Jet.com Is Still Trying To Take On Amazon, Still Not Profitable

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A year ago, Jet.com launched its ecommerce business with a large amount of hype after getting hundreds of millions in funding and nearly $600 million valuation before selling a single product, reports Fortune.

Despite the solid start, the company faced several challenges this past year – forced to shift strategies, faced rumors of bleeding cash and turbulence with big brands. However, founder Marc Lore doesn’t seem fazed,

This has never been a winner takes all market. There will be a really large number 2, 3 and 4, Jet can be one of those.

According to Lore, Jet’s sales have tripled in the past six months. In December 2015, it sold $33 million in merchandise compared with $90 million in May.

Jet originally launched its membership based ecommerce site in July 2015 to take on brick and mortar warehouse clubs like Costco, while also competing against Amazon’s bulk products business. For a $50 annual membership, Jet members could buy diapers, cleaning supplies and sporting goods, 10-15% below anywhere else online. In October, Jet dropped its $50 membership fee – the only source of profit. However, the company said that customers were still happy with 5% discount, which also allowed Jet to make some profits from sales.

Another key differentiation from Amazon is Jet’s bet on dynamic pricing. This means that the price of items change depending on what shoppers buy. For example, if shoppers buy multiple items that are in different warehouses, they end up paying more because merchants spend more on packaging and shipping.

The company has also been quietly testing groceries delivery, testing the model in New York, New Jersey, Washington DC and Connecticut, where consumers can order milk, cereal and vegetables among other things. The reason for expanding into groceries, a low margin business, is because the model tends to draw repeat customers. Jet has also been committed to sourcing food that is harder to find such as Kosher food and gluten free items.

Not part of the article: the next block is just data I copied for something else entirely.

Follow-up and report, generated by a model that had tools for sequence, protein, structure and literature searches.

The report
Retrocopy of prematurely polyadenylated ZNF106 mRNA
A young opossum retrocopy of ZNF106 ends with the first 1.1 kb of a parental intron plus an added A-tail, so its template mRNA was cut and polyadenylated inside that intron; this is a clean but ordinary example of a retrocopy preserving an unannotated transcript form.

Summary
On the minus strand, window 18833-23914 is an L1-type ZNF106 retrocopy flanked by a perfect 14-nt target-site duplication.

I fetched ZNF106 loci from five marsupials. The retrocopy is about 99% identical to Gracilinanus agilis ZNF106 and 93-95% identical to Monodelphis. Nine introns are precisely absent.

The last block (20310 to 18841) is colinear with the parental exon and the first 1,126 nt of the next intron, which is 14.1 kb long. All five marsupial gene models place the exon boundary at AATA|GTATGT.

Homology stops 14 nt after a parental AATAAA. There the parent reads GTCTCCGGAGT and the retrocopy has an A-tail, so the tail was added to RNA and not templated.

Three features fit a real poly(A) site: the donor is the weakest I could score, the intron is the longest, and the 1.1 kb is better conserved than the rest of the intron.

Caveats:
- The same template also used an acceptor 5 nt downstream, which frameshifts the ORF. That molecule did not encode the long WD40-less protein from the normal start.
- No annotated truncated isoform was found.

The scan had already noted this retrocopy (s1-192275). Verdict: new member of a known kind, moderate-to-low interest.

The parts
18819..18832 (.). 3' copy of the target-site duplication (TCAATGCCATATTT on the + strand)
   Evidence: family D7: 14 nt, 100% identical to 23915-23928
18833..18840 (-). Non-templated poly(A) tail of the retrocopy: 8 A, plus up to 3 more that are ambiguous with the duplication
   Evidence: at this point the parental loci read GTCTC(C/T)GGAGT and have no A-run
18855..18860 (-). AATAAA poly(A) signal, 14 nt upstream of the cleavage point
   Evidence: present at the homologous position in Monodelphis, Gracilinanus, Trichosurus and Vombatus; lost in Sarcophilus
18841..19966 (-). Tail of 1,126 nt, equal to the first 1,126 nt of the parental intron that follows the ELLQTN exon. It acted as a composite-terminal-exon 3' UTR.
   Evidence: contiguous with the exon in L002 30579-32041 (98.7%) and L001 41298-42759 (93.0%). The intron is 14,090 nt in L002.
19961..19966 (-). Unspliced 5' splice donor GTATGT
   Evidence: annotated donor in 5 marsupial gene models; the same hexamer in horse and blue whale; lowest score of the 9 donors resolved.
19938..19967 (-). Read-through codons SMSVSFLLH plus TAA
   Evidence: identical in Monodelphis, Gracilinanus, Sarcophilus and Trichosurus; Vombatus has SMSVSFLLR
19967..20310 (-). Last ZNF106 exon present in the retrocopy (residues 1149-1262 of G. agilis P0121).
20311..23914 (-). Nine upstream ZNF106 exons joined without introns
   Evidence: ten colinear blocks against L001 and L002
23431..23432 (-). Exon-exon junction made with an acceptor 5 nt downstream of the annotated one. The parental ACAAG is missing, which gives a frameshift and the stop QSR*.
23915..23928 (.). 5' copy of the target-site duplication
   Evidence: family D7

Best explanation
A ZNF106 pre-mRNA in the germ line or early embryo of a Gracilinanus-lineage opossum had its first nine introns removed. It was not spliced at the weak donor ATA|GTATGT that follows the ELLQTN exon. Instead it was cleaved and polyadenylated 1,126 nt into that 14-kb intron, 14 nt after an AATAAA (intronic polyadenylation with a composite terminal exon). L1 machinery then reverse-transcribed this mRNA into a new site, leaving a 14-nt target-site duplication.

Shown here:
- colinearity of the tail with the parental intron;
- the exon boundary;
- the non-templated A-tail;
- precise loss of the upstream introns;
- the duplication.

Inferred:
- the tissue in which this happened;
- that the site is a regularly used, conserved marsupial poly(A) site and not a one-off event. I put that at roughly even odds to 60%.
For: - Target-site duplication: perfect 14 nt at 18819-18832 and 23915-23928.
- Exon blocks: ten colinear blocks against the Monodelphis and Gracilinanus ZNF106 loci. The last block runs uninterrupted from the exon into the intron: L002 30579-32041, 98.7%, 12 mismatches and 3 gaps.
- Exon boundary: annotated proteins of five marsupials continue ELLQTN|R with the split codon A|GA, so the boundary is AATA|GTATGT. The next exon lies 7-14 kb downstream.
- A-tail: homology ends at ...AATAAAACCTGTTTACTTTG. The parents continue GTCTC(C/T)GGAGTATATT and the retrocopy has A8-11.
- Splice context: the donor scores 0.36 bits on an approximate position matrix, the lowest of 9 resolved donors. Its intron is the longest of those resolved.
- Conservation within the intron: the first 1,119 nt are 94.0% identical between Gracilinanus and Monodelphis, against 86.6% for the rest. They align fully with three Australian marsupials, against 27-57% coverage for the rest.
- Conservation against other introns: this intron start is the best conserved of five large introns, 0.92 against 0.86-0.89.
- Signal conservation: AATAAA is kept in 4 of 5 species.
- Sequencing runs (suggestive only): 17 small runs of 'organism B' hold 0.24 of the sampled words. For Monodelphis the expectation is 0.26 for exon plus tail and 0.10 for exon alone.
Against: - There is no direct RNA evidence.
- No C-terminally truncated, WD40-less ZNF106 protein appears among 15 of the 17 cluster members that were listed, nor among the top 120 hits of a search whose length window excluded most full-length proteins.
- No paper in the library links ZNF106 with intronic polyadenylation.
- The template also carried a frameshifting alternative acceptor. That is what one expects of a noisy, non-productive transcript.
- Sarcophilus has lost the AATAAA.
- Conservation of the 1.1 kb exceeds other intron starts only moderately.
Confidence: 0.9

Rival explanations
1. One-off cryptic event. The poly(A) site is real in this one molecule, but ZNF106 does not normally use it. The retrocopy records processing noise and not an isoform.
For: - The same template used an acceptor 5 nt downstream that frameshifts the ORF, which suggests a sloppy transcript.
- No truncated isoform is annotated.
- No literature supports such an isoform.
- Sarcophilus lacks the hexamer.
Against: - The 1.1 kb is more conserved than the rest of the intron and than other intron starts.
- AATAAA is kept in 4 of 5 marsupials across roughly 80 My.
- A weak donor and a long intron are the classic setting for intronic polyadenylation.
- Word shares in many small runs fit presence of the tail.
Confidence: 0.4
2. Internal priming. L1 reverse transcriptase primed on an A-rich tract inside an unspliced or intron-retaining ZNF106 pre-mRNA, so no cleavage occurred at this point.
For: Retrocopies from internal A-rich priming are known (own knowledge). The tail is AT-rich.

Jet is also planning to follow Amazon’s footsteps of producing its own products such as diapers and groceries.

Despite the optimism from Lore, there is still the question of how quickly Jet is burning cash, and when it will become profitable. Lore projects profitability in 2020, three and a half years from now. In November, Jet raised $618 million and plans to raise another round later this year. Sucharita Mulpuru, analyst at Forrester Research comments that it will take a lot of capital and experimentation to come close to Amazon’s scale.

They are so far behind Amazon, they are not even in the same playing field. – Sucharita Mulpuru, Analyst at Forrester Research.

Jet still needs more time to test out its business model. Fortunately for them, it seems to have the backing of deep pocketed investors for now. It also has no plans to expand as of now, unlike its much larger counterpart.

A version of this appeared in Fortune on July 22. Read the full version here.